Reflection: Discovering a Path to Headship

Summer 2022

Kimberly Field-Marvin
Head of School
Louise S. McGehee School (LA)

I first began to think about the possibility of headship in 2007. The small, New England, startup school where I’d been a teacher and leader for more than 15 years was getting ready to search for a replacement for our founding head. At the time, I didn’t believe that I was ready to take on a headship role, but I was very curious to learn about what it meant to do the job.
The board chair at the time asked me to represent the faculty on the search committee for the new head, which is where my education began. I got to know and work closely with trustees and hear more about what they expected of a new head of school. As we narrowed down our questions for candidates and readied for the first-round interviews, I began to understand the complex skill set necessary for a head of school: being a visionary who can aptly lead others through change; a strong and dedicated educator who understands the elements of a rigorous curriculum; a storyteller who can engagingly knit together the past, present, and future of a school community; a financially astute mind who makes budgetary choices based upon what is best for students; a lifelong learner who demonstrates a growth mindset; an active listener who makes others feel heard and respected; and so much more.
Much of my learning about headship had come from my proximity to the seat of power. I had allies on the board of trustees, and I had a strong voice in the search process. And as a tenured torch bearer of culture at the school, I felt a certain responsibility to help the new head we selected acclimate and understand our unique school, the community, and its culture. This experience provided me with useful development that I would not have gained in any other way.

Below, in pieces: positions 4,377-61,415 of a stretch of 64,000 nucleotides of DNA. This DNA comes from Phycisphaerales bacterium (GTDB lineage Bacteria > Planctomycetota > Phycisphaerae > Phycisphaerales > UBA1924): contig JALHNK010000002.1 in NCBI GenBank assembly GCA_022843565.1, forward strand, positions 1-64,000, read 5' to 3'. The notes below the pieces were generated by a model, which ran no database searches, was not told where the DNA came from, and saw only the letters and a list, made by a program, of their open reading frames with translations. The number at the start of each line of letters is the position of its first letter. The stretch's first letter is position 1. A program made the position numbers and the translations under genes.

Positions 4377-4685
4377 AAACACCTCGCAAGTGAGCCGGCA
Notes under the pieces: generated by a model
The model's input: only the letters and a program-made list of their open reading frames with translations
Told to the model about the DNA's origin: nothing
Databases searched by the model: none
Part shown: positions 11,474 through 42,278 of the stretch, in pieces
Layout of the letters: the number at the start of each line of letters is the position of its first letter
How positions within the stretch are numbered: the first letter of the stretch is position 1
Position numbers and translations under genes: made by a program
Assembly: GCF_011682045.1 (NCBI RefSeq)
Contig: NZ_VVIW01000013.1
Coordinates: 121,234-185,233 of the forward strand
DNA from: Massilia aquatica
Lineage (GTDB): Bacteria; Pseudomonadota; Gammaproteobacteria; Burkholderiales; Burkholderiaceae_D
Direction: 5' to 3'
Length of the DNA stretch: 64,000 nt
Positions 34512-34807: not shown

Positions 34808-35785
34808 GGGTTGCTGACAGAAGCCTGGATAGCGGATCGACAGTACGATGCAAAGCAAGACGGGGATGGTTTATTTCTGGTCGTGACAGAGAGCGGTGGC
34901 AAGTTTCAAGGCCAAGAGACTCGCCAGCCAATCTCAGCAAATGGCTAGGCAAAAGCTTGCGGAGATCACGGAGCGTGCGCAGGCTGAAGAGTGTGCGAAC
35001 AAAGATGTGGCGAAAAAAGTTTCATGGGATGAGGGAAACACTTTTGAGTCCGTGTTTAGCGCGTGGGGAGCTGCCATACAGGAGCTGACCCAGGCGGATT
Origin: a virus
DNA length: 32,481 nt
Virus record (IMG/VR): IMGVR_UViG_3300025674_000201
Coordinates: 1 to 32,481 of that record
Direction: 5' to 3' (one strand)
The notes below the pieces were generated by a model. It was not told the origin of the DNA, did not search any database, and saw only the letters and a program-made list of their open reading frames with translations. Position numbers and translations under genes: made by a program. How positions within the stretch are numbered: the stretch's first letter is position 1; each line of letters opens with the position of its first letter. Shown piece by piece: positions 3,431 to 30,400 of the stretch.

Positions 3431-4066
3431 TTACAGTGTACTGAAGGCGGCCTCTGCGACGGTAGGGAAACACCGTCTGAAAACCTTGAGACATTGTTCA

What struck me most about that new head’s transition is that she asked good questions—her questioning technique, used by all good teachers, was akin to turning over all of the rocks along the stream bed to see what could be found underneath. She was also a good listener. She was visible, interacting in meaningful ways with students during recess, with parents during carpool or weekly all-school meetings, and with faculty during weekly meetings.
She spent nearly a decade in the role, until she was recruited by a larger school in a larger urban market. And in the three years that we overlapped at that small school that took a chance on hiring someone who didn’t have prior headship experience, she inspired me to imagine myself taking on the role of leading a school. I discovered something about my growth edge and took another step as division director of a much larger school in a big city before moving to a completely new region to take a headship.
We are now both leaders of historic girls’ schools in different parts of the country, and we often find ourselves on planning committees for conferences or in study groups with other heads of school and their board chairs. In the path toward headship, it is vital to have a mentor to show you the way and a sponsor to give you the opportunity. Ask questions, try roles on, and lean in. The only way to learn is by doing.